When I was growing up in the south of England, we didn’t see a lot of snow, but after a big storm my father would always say, “There’s nothing like a good snowfall to get the neighbours talking to each other.” He was right. Our neighbours, who usually kept to themselves, would be galvanized into helping each other to dig out their cars.
A more recent example of the power of teamwork is seen in the story of how James Mwangi, the 2012 winner of Ernst & Youngs World Entrepreneur of the Year award, pulled Kenya’s Equity Bank back from collapse by smartly handling a crisis.
When Mwangi first took the reins as finance director in 1993, Equity was a small, insolvent building society (or a bank owned by its members) that was about to close down. Determined to save the business, Mwangi asked the staff to join forces with him and use their personal networks to encourage people to join the society. He also persuaded them to use 25% of their salaries to buy shares in the company. “Now they were involved. It was as much their company as anybody else’s,” he said.
Mwangi’s strategy worked: the bank began to expand. In 2006, it was listed on the Nairobi stock exchange, and shareholder value increased rapidly. These days, Ernst & Young says, Equity Bank is the biggest bank in the region by customer base, with more than seven million customers in Kenya alone.
If your company is faced with a financial crisis, make your team part of the solution. Do not shut yourself into your office—get out there and tell your staff what’s going on. As you consider strategy, remember that indiscriminate layoffs, pay cuts and benefit reductions will probably make an already bad situation worse. Instead, enlist your employees’ support and get creative about rewarding them for their commitment to the company.
If you are leading a company where unions are established, it’s important to set up great communications with union leaders, especially in tough times. Unlike so many of its competitors, which seem to be constantly at odds with their unions, Southwest Airlines has avoided bouncing from one crisis to another partly because of the strength of their labour-management relationships. Southwest has enjoyed decades of relentless profitability—and it is one of the most heavily unionized airlines in the industry.
Of course, crises come in all sizes, and your employees have to be ready to work with each other on defusing small emergencies as well. A few years ago, when I was waiting at London Heathrow for a Virgin Atlantic flight to Los Angeles to take off, a small crisis emerged in the form of a long weather delay. There is absolutely nothing an airline can do about such events, but not every passenger sees it that way. I watched as one of our agents tried valiantly to placate an agitated male customer.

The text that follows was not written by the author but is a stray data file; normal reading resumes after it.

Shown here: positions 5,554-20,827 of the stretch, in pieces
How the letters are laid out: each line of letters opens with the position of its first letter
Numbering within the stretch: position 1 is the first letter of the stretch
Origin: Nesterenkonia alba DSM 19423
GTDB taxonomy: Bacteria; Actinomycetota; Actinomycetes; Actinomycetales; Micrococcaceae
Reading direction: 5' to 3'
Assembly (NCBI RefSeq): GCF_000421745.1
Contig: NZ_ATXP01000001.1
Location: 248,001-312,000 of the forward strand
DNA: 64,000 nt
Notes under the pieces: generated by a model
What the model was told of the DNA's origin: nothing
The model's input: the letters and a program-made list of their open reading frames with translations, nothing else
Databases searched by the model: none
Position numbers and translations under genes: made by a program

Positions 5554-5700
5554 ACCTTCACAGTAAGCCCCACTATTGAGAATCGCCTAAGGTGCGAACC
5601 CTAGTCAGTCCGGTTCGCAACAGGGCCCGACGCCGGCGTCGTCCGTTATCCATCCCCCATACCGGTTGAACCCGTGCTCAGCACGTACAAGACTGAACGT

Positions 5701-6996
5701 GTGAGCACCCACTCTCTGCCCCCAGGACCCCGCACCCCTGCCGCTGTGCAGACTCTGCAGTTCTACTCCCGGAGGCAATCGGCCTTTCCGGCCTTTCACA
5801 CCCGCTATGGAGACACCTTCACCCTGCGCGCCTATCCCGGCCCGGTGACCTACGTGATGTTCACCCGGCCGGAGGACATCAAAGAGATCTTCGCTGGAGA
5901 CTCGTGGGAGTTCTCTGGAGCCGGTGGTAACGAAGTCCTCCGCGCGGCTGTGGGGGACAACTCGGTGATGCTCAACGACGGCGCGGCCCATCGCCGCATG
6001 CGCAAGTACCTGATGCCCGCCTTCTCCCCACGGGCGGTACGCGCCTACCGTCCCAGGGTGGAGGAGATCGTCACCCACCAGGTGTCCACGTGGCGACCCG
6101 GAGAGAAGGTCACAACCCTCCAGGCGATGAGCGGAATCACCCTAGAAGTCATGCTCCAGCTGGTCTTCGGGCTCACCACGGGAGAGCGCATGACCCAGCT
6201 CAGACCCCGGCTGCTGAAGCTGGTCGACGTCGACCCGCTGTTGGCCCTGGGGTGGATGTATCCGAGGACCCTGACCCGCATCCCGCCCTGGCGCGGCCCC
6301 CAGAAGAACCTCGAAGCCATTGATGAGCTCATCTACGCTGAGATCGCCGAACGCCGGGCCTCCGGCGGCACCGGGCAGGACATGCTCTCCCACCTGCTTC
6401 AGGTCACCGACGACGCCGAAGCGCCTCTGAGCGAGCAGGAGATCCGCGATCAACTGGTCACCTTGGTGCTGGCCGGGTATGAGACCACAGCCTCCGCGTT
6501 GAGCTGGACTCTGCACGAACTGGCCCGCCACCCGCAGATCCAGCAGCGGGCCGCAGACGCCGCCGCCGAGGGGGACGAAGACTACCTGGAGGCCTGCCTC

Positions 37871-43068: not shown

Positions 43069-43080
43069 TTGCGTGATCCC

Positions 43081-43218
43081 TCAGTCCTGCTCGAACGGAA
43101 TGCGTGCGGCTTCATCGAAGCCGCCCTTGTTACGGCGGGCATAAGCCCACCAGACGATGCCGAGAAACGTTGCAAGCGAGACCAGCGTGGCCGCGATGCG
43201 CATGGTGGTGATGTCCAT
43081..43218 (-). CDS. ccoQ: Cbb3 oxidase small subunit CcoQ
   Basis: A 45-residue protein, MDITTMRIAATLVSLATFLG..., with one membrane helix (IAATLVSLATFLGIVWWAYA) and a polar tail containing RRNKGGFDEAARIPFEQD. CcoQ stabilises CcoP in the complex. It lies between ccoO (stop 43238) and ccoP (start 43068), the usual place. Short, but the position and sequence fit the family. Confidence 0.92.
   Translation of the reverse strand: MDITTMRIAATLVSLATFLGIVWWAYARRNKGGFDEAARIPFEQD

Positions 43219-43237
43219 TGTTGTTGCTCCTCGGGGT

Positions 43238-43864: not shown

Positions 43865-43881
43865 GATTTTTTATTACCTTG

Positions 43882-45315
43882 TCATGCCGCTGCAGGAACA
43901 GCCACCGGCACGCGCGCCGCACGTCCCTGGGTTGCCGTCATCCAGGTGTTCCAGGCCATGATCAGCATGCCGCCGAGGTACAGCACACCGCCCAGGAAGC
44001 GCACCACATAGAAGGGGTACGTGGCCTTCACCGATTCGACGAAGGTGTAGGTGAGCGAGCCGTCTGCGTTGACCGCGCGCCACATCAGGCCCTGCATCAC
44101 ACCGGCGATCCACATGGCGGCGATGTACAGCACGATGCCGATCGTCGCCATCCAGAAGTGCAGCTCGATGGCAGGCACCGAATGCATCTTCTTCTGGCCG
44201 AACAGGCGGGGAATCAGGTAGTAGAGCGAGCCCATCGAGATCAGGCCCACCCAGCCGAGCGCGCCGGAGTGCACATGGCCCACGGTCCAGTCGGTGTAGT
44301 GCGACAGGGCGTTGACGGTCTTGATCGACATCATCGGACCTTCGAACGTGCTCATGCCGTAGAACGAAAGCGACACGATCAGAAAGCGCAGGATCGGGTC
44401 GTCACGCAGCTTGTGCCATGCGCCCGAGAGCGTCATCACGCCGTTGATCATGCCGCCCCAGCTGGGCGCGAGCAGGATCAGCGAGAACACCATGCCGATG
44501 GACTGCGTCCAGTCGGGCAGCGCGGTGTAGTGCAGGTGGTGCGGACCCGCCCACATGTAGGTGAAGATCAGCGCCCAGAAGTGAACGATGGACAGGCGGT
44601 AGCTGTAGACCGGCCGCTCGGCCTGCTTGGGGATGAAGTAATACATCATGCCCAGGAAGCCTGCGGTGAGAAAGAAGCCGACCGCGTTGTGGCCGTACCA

When she was done, I commented to the totally unflustered agent, “Tough day, eh?” Her response was, “No, not really. I actually enjoy days like this because we all really pull together as a team. You go home feeling you’ve put in a good day’s work. Days when everything works like clockwork aren’t nearly as rewarding—for us, at least!” (I was glad she added that last bit.)
Such connections between your people are built over time. This agent learned to rely on her team through her everyday work with friendly colleagues. It also helped that her manager listened to her suggestions and followed up on them, and that management encouraged her supervisors to hold events that allow the agent and her colleagues to get to know each other outside the office. These small touches can add up to a team.
I never mentioned it to my father, but I noticed that as soon as the snow melted, the neighbours would quickly disappear behind their hedgerows again. Don’t make the same mistake at the office: once the crisis is averted, don’t slip back into your old ways. Make sure you keep that wartime spirit of working together alive and well—it will help you through good times as well as bad.
Richard Branson is a philanthropist, adventurer, entrepreneur and founder of the Virgin Group of companies.
Originally published in Canadian Business.